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Audio-Visual Histories of Cinema


  • Credit value: 30 credits at Level 7
  • Convenor: Dorota Ostrowska (subject to change)
  • Assessment: an essay of 5000 words (100%)

    Module description

    From the end of the World War Two until the early 1990s, Europe was gripped by the Cold War and divided by the Iron Curtain. While Western Europe was aligned with the United States, Eastern Europe found itself under the influence of the Soviet Union and its alternative model of cultural production inspired by the communist ideology. Although national cinemas on both sides of the Wall followed their own rhythms and were cut to the measure of their diverse political, social and economic circumstances, they remained in a dialogue with each other and followed surprisingly similar aesthetic trajectories. Almost immediately after the war, Italy's neo-realism attracted worldwide attention and inspired experiments in new forms of 'realism' in France, Russia and Poland. These realisms became vehicles for coming to terms with recent history, before they gave way to the modernist experiments which flourished in Italy, France and Germany.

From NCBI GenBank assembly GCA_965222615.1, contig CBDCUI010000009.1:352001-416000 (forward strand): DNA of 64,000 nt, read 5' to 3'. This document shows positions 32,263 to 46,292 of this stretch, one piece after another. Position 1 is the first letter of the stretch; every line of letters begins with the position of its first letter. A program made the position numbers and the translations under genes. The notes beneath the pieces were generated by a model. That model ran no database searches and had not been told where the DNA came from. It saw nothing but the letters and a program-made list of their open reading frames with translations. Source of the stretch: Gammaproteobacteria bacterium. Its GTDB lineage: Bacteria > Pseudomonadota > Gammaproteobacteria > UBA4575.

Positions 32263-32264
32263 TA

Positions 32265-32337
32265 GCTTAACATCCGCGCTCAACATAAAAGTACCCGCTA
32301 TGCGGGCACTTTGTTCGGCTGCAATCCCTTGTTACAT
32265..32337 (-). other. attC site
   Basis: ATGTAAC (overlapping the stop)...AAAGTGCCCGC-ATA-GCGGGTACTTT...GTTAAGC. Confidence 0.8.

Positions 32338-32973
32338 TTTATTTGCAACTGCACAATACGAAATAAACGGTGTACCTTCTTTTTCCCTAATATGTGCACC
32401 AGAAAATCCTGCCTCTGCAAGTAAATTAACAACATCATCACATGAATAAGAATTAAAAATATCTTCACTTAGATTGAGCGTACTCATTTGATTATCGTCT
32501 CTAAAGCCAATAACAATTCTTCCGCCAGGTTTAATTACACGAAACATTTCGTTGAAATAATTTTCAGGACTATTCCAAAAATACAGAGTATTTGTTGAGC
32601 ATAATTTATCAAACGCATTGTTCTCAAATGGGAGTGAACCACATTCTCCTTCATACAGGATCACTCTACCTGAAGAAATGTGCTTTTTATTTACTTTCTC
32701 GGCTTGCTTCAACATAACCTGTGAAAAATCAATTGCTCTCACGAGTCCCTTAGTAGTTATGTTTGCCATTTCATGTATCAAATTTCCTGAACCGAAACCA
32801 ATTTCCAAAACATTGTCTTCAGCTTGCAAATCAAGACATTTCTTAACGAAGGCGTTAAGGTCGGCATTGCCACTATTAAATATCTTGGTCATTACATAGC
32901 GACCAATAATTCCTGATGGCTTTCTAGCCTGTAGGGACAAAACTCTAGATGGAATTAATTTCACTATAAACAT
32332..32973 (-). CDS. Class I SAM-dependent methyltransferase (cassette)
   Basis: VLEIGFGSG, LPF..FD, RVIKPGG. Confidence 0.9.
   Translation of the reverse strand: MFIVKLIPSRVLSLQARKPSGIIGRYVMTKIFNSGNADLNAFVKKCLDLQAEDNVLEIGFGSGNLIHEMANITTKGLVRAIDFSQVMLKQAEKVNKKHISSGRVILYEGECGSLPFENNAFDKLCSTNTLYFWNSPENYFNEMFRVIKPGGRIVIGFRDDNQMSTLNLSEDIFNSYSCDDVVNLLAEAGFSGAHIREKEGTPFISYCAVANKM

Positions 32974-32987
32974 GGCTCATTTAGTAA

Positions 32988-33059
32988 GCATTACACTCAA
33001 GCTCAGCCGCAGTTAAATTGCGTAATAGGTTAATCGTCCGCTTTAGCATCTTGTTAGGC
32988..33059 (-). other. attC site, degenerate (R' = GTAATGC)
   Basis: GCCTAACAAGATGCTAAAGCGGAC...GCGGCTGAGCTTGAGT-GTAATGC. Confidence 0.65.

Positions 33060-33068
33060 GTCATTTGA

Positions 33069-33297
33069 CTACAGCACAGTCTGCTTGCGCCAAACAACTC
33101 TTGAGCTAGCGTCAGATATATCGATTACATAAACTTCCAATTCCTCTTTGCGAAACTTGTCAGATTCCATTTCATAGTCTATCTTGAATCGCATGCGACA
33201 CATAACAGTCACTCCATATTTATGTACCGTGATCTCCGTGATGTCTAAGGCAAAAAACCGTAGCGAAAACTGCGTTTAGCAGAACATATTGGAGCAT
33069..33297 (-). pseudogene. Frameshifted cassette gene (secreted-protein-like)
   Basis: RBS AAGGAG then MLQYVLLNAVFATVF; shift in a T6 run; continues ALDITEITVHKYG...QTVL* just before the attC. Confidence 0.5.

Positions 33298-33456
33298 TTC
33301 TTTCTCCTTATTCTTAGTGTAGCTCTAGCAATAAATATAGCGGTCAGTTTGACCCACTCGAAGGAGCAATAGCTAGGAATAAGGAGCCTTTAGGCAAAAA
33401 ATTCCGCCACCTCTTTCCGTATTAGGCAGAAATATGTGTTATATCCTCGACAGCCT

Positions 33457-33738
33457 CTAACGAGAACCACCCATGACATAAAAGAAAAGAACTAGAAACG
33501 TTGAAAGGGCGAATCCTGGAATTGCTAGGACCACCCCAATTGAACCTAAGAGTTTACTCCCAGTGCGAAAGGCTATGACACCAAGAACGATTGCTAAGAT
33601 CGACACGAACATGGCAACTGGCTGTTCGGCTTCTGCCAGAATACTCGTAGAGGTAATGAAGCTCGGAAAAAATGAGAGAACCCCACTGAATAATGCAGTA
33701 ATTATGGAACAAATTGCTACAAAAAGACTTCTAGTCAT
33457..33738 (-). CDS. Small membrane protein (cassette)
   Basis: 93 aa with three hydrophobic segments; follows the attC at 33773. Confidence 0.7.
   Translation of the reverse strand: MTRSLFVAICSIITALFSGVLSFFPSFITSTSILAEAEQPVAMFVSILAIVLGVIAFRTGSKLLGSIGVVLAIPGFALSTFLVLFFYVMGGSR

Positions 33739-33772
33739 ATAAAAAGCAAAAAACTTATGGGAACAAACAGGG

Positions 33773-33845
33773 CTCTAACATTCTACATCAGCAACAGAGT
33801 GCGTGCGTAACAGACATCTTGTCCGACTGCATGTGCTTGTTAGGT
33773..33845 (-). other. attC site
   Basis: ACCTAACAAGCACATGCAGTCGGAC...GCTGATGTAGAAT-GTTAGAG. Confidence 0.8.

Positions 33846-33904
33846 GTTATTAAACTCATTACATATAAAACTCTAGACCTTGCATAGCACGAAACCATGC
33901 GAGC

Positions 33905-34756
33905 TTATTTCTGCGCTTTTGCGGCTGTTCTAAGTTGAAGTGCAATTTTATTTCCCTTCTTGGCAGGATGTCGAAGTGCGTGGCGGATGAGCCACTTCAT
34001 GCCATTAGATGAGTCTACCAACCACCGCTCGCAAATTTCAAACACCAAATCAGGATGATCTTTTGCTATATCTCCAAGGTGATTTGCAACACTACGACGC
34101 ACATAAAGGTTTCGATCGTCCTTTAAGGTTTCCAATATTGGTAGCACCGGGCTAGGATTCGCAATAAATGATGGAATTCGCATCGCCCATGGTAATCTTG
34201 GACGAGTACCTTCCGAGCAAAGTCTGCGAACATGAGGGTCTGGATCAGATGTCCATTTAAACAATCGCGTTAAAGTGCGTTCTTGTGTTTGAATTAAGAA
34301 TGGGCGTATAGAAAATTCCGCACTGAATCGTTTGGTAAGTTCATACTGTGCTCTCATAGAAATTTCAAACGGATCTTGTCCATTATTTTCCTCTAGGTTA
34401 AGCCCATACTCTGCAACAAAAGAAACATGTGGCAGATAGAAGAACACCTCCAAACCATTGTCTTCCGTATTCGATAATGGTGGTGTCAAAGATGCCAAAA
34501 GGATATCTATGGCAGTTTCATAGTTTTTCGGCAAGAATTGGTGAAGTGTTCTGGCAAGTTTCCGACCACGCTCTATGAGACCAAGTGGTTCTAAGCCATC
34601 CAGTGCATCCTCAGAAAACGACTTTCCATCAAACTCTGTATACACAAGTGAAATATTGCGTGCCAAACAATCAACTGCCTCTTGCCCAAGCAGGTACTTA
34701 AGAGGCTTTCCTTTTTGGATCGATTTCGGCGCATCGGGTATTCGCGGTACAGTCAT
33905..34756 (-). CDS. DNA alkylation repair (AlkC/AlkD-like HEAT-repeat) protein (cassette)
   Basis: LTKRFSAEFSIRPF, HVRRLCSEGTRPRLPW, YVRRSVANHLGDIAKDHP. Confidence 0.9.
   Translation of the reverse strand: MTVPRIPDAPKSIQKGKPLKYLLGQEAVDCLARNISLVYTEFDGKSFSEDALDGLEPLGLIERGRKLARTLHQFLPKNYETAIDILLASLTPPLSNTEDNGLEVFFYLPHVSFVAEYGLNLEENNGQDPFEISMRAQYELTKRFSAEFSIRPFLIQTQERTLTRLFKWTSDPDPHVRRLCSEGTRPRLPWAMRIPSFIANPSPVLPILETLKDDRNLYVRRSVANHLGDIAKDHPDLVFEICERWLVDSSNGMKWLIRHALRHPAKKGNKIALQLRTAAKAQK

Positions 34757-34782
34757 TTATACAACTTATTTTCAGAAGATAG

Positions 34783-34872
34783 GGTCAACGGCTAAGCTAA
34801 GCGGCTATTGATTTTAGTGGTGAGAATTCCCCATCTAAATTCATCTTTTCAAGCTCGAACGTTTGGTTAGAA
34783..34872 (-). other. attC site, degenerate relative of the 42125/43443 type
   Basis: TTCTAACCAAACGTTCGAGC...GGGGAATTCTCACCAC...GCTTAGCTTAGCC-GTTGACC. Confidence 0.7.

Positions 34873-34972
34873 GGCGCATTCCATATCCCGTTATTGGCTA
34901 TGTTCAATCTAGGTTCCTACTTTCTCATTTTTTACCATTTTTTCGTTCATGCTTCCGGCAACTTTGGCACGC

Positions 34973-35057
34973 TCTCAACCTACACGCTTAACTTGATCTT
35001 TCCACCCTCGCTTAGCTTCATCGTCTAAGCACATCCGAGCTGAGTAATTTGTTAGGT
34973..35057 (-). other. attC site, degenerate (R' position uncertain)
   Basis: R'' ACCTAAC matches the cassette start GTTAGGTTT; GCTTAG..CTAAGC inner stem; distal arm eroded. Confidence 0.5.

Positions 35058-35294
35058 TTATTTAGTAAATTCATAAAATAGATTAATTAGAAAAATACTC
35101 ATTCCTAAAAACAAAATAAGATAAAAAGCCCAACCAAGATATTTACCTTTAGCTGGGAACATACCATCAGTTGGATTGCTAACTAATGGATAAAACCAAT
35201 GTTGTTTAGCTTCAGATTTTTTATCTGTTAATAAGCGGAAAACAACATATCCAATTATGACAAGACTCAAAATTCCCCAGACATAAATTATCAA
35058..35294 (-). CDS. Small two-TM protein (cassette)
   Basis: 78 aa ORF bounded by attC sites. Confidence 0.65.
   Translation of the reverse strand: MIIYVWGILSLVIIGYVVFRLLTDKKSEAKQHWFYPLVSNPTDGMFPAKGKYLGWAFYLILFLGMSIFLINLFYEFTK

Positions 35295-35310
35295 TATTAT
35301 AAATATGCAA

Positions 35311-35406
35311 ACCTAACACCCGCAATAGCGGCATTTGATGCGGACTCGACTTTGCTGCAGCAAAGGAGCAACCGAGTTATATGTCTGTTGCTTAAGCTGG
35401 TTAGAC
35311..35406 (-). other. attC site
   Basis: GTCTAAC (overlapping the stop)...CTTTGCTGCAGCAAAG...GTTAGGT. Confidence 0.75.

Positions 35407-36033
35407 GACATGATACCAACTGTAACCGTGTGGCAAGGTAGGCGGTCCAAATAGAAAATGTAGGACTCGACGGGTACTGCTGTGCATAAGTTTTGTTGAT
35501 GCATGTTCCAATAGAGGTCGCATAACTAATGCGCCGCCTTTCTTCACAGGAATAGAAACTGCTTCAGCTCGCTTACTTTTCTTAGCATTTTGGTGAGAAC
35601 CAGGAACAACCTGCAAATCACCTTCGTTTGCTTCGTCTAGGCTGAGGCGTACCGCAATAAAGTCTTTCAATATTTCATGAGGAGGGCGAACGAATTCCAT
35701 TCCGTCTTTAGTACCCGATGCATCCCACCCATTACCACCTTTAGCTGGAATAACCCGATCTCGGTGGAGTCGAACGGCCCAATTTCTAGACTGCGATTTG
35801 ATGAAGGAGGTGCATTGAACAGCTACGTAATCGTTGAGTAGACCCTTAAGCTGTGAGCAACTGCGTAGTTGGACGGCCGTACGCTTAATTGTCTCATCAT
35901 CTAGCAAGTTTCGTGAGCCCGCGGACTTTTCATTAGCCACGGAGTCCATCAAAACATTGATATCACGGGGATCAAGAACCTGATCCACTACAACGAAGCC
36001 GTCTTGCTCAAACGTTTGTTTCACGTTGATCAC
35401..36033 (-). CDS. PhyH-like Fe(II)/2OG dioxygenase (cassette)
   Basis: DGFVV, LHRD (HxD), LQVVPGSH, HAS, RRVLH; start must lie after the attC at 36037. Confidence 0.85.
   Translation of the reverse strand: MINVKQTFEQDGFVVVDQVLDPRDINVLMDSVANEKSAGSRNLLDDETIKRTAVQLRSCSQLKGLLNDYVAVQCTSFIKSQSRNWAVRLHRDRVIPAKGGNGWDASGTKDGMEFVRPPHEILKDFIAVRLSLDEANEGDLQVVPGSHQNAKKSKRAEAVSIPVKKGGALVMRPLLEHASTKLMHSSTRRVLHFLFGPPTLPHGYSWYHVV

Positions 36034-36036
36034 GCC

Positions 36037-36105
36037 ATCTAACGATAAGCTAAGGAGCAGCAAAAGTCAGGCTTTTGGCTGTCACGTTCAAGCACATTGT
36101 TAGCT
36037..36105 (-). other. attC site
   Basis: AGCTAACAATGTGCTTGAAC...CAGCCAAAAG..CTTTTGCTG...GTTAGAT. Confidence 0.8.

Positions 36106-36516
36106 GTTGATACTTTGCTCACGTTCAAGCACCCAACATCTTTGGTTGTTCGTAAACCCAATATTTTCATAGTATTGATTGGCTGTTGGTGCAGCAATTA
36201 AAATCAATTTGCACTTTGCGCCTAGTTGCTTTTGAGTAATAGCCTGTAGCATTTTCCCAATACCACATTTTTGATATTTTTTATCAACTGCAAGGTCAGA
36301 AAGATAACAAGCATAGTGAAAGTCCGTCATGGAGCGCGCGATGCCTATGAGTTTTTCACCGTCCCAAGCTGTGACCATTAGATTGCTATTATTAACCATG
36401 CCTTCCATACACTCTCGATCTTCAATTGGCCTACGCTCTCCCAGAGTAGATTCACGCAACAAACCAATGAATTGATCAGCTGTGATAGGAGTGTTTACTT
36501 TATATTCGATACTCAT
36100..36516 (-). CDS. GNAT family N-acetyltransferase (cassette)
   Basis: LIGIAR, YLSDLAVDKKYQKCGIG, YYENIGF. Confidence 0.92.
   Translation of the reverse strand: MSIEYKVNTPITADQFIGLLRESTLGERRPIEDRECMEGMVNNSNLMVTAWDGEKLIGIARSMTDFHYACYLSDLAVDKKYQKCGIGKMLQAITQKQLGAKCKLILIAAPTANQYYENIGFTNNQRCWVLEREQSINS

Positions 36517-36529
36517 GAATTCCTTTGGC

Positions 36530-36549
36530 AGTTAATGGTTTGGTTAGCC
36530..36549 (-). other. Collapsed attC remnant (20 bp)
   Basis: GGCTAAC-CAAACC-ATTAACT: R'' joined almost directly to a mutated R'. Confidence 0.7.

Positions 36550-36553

This module places several key films each week in their social, historical and critical contexts, with the aim of arriving at an overview of post-war European cinema's strengths and weaknesses. The module draws on a range of audio-visual critical material such as film essays, TV and cinema documentaries in order to understand and critically assess the advantages and limitations of the audio-visual criticism and knowledge in presenting and conveying the history of cinema. The presentation and exploration of the post-war history of European cinema is placed in a wider context of Hollywood and world cinema which the audio-visual critical material enables and encourages.

    Indicative module content

    • What's film history? A cinema of liberation: Italian Neo-Realism
    • After Stalin: 'thaw' in the USSR and Eastern Europe (Poland)
    • France: coming to terms with the Occupation
    • New Realisms around Europe: Sweden, Yugoslavia, Hungary, Czechoslovakia
    • Realism on British screens
    • A French fascination with Hollywood and European Realisms: cinema according to Cahiers
    • Italy and the discontents of modernity
    • Returning to zero: the German New Wave
    • Back to basics? Dogme and a renewal of realism in the digital age
    • Cinema of 'New Europe' - history made present